The Impact of Parental Multiple Sclerosis on the Adjustment of Children and Adolescents

By De Judicibus, Margaret A.; McCabe, Marita P. | Adolescence, Fall 2004 | Go to article overview
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The Impact of Parental Multiple Sclerosis on the Adjustment of Children and Adolescents


De Judicibus, Margaret A., McCabe, Marita P., Adolescence


The current study was designed to examine whether children and adolescents who have a parent with multiple sclerosis (MS) are at increased risk of psychopathology. It was also designed to evaluate the impact of financial stresses and emotional reactions of parents with MS on the psychological adjustment of their children. Past research has indicated that children of parents with chronic illness are at risk of psychological maladjustment, although there appear to be both commonalities and differences between diverse parental illnesses and the adjustment of their children (Armistead, Klein, & Forehand, 1995; Champion & Roberts, 2001).

The experiences of children with a parent with MS would be expected to vary substantially, since adults with this chronic illness may or may not experience significant illness-related disruptions during their parenting years. MS usually manifests between the ages of 20 and 40 years, which is a life stage when parenting is an important issue for many; women are affected 1.5-2 times more frequently than men (Martin, Hohlfeld, & McFarland, 1996). The symptoms of this chronic disease vary. Some people with MS experience periods of disease exacerbation, followed by periods of remission, whereas others experience a steady progression of the disease (Mohr & Dick, 1998). The effects of MS may include fatigue, loss of balance, pain, incontinence, loss of vision, sexual dysfunction, digestive difficulties, and cognitive impairment (Mohr & Dick, 1998). Disruption of work and family roles is also likely to occur as the disease progresses. Braham, Houser, Cline, and Posner (1975) and Gregory, Disler, and Firth (1994) reported that the majority of parents with MS perceived that their illness had an effect on their children.

Chronic illness is likely to lead to impaired capacity to participate in paid employment. The concomitant financial stresses may have an impact on children.

The limited empirical studies that have been conducted on children's adjustment when their parents have MS have largely supported the social learning model (Bandura, 1977). This model proposes that children imitate their parents' behaviors (Finney & Miller, 1998). It predicts that children of physically ill parents would experience somatic complaints, and that children of depressed parents are likely to adopt a depressive approach to life. However, there may be multiple psychological and social factors that influence the effect of parental illness on children (Stein & Newcomb, 1994). For example, ill parents may pay less attention to their children's needs.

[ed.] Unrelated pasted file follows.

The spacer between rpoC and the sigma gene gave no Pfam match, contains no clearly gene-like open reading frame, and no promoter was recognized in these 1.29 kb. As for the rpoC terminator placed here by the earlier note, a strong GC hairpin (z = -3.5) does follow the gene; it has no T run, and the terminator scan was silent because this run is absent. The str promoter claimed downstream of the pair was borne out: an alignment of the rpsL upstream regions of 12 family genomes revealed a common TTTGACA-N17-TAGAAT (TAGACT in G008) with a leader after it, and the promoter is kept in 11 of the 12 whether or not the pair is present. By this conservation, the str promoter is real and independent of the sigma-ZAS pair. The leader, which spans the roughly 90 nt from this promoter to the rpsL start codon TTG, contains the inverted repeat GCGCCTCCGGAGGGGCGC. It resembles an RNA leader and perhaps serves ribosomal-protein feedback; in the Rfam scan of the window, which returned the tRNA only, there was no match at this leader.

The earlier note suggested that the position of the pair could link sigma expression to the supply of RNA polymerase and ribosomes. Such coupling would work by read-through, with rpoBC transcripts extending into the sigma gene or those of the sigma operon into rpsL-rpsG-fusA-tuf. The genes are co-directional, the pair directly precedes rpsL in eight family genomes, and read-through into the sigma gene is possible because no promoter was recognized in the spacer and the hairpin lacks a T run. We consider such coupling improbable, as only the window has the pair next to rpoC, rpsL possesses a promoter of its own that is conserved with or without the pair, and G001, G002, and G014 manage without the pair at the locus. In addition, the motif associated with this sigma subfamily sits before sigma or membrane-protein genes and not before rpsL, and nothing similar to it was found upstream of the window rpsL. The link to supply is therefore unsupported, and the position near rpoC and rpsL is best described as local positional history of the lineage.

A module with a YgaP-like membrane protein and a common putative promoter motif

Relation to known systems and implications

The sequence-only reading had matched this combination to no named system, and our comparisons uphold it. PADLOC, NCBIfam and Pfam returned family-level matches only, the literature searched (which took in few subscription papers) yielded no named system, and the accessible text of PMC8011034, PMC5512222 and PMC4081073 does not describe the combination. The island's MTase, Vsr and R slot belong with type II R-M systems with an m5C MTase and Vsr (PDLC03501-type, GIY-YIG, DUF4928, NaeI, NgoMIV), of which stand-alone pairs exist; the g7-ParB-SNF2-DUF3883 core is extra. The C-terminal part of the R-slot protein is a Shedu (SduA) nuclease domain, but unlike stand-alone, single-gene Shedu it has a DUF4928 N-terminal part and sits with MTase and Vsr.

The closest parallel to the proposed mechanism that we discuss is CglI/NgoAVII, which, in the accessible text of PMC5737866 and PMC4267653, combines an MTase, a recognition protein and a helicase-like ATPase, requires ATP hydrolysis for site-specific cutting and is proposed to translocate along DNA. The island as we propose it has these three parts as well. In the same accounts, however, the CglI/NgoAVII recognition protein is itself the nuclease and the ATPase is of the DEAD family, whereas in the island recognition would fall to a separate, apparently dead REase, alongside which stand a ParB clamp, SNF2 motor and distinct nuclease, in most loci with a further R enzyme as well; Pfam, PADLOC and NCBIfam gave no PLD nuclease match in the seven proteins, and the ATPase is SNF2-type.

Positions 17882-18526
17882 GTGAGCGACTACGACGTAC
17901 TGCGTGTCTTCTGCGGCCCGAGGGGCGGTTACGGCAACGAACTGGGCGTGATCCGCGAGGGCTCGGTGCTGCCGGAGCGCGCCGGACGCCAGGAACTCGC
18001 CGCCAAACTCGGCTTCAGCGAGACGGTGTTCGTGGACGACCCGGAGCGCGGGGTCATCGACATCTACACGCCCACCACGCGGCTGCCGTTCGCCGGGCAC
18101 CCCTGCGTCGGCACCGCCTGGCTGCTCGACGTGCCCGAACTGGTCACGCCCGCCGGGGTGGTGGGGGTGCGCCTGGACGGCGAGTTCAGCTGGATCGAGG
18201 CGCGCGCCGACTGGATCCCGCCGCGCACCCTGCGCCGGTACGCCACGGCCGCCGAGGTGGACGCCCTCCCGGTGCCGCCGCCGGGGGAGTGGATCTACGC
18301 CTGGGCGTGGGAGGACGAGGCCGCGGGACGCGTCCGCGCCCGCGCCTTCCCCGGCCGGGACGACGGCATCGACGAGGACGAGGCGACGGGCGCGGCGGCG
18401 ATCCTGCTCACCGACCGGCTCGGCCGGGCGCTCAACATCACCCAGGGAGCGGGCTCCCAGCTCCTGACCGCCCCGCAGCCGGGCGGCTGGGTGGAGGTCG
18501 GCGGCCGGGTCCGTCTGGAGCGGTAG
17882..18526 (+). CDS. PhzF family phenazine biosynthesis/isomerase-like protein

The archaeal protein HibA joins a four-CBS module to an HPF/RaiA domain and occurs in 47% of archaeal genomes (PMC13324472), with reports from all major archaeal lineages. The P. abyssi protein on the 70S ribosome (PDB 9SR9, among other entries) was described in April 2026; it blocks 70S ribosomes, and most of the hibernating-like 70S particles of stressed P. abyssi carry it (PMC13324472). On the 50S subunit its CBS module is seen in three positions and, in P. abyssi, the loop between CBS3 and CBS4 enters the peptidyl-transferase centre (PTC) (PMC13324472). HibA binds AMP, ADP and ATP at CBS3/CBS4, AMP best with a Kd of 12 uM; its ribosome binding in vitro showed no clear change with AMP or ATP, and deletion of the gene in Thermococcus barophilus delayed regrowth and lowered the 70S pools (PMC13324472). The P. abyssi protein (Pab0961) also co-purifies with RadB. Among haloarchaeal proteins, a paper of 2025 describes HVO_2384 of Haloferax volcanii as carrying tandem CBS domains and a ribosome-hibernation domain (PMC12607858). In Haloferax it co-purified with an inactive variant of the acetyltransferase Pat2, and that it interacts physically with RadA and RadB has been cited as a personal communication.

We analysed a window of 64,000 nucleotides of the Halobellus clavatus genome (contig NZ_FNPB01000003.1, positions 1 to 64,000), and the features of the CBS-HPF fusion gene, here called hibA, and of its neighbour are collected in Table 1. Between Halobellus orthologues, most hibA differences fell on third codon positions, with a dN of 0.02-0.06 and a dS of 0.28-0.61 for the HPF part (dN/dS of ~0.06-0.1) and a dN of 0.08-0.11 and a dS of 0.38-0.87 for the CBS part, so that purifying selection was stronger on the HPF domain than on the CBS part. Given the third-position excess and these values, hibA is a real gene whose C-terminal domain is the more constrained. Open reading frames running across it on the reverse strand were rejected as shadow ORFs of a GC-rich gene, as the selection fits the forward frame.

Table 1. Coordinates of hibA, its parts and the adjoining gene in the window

Arnaud (1959), using projective techniques, found that 60 children (aged 7 to 16 years) of MS parents had higher levels of body concern, dysphoric feelings, hostility, constraint in interpersonal relations, and dependency longings than a control group of 221 children. Children of parents with MS also demonstrated a false maturity reaction. Younger children scored significantly higher than the control group on general anxiety. However, not all the children were negatively affected by their parents' MS. Arnaud conjectured that differences in the nature of the parents' MS symptoms and personality changes (e.g., increased neuroticism) may influence the psychological adjustment of children.

Arnaud's findings were supported by those of Kikuchi (1987), who found that many children and adolescents of parents with MS experienced feelings of fear, anger, and sadness. Friedemann and Tubergen (1987) also found a high prevalence of emotionally influenced physical conditions (e.g., allergies, obesity), and fears of recurring nightmares among daughters of mothers with MS.

Braham et al. (1975) found that parents with MS were concerned about poor parent-child relationships and their children's behavior problems. A study by Peters and Esses (1985) supported the findings of Braham et al., in that they found that children in families with a parent with MS perceived that their families experienced more conflict and less cohesion as compared with a control group.

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